It is often said that only humans develop Parkinson’s. It is a distinctly human condiiton, and this is true (at the time of publishing this post).
But there are interesting Parkinson’s-related observations in the animal world that could tell us something about this ‘very human’ condition. We have previously highlighted reports of this nature (Click here for an example).
Recently Australian researchers have reported the accumulation of the Parkinson’s-associated protein alpha synuclein in the brains of kangaroos, after they ate a particular type of grass (phalaris pastures plants) which is toxic for them.
In today’s (short) post, we will discuss what the report found, look at what the plants contains, and consider what this could mean for our understanding of Parkinson’s.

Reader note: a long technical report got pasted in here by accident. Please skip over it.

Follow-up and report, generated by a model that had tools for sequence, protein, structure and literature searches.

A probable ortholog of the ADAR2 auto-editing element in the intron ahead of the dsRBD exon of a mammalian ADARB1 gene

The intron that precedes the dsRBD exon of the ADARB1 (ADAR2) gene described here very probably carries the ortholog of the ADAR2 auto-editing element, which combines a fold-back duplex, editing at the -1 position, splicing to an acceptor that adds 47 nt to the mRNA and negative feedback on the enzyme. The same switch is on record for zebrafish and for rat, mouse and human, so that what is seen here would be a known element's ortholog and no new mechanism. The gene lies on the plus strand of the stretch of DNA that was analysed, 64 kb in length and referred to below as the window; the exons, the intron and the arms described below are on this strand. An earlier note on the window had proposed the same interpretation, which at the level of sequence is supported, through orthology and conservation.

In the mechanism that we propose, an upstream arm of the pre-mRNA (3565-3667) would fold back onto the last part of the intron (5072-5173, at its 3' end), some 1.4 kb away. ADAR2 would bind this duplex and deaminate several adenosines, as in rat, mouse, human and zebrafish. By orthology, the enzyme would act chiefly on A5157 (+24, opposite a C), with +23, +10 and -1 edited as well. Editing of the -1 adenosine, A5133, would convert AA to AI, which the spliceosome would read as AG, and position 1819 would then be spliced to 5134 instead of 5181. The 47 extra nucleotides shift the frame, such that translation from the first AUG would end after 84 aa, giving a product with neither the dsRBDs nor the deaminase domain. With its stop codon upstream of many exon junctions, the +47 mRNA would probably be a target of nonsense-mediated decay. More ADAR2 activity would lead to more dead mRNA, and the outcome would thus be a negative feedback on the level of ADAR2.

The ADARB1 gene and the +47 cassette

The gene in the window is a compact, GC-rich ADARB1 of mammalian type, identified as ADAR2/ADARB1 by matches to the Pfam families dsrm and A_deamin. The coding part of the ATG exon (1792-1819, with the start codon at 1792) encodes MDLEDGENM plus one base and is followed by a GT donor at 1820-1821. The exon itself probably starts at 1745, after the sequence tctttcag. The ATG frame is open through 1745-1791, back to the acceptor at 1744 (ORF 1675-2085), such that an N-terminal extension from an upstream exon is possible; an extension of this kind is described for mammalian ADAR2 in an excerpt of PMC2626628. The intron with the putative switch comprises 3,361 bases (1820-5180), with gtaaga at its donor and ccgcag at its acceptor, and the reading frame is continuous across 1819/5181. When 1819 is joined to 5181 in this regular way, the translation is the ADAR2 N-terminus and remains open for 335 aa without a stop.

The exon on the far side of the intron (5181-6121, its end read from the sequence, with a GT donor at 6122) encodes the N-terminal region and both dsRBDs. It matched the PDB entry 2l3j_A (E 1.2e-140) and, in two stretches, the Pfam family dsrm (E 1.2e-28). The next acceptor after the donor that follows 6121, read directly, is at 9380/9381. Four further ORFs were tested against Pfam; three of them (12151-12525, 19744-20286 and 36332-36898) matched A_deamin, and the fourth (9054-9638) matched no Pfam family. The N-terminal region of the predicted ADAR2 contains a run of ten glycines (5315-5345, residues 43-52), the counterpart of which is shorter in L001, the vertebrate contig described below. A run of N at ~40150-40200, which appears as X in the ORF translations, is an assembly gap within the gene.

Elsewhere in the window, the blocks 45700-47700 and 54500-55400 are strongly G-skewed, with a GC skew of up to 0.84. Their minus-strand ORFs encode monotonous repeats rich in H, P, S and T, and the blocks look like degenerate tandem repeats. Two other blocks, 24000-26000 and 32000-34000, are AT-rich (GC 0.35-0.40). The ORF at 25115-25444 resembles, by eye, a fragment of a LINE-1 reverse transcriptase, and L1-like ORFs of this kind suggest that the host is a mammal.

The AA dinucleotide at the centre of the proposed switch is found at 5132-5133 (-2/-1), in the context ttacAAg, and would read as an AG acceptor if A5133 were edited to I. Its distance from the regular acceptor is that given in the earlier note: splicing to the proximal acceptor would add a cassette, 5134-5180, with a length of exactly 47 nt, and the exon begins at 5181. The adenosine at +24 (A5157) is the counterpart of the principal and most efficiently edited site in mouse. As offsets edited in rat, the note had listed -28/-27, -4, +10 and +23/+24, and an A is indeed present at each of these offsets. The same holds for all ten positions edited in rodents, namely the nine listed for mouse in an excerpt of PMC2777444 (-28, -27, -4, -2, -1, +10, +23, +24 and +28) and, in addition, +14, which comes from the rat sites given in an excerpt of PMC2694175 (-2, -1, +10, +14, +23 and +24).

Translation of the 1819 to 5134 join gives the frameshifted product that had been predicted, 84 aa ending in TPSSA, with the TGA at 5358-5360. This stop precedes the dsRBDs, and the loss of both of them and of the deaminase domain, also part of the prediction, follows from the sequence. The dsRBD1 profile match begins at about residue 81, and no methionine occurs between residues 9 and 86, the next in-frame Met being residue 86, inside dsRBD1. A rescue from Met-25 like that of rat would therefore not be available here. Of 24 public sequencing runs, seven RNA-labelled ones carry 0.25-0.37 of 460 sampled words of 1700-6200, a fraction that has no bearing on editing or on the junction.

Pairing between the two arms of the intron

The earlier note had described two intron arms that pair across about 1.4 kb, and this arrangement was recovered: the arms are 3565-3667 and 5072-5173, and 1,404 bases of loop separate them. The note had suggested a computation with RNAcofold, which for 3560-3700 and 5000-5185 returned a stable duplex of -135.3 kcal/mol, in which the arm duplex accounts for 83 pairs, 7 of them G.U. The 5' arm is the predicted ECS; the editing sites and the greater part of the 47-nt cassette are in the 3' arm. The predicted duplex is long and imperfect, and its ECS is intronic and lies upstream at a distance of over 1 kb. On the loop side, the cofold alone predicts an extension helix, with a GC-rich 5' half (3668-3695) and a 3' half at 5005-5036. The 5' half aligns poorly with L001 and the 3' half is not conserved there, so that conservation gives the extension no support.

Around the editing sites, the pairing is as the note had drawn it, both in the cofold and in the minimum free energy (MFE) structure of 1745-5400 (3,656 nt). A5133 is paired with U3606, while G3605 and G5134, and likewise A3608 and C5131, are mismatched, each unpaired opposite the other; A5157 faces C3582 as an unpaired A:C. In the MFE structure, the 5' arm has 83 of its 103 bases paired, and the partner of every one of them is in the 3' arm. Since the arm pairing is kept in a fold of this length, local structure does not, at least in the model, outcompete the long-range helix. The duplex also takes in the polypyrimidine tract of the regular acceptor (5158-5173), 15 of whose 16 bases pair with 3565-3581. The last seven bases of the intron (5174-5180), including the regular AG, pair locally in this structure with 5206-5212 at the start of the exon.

The first interesting fact about kangaroos in today’s post: They are predominantly left handed
Researchers published a study in 2015 reporting that while most four legged marsupials show no preference between their limbs, kangaroos are very left handedness (Click here to read the report)
This finding is interesting as it could tell use much about our own handedness preference (Click here to read more about this).
Ok, interesting. But what on Earth does this have to do with Parkinson’s?
Ah, well that’s where we come to the second interesting fact about kangaroos in today’s post: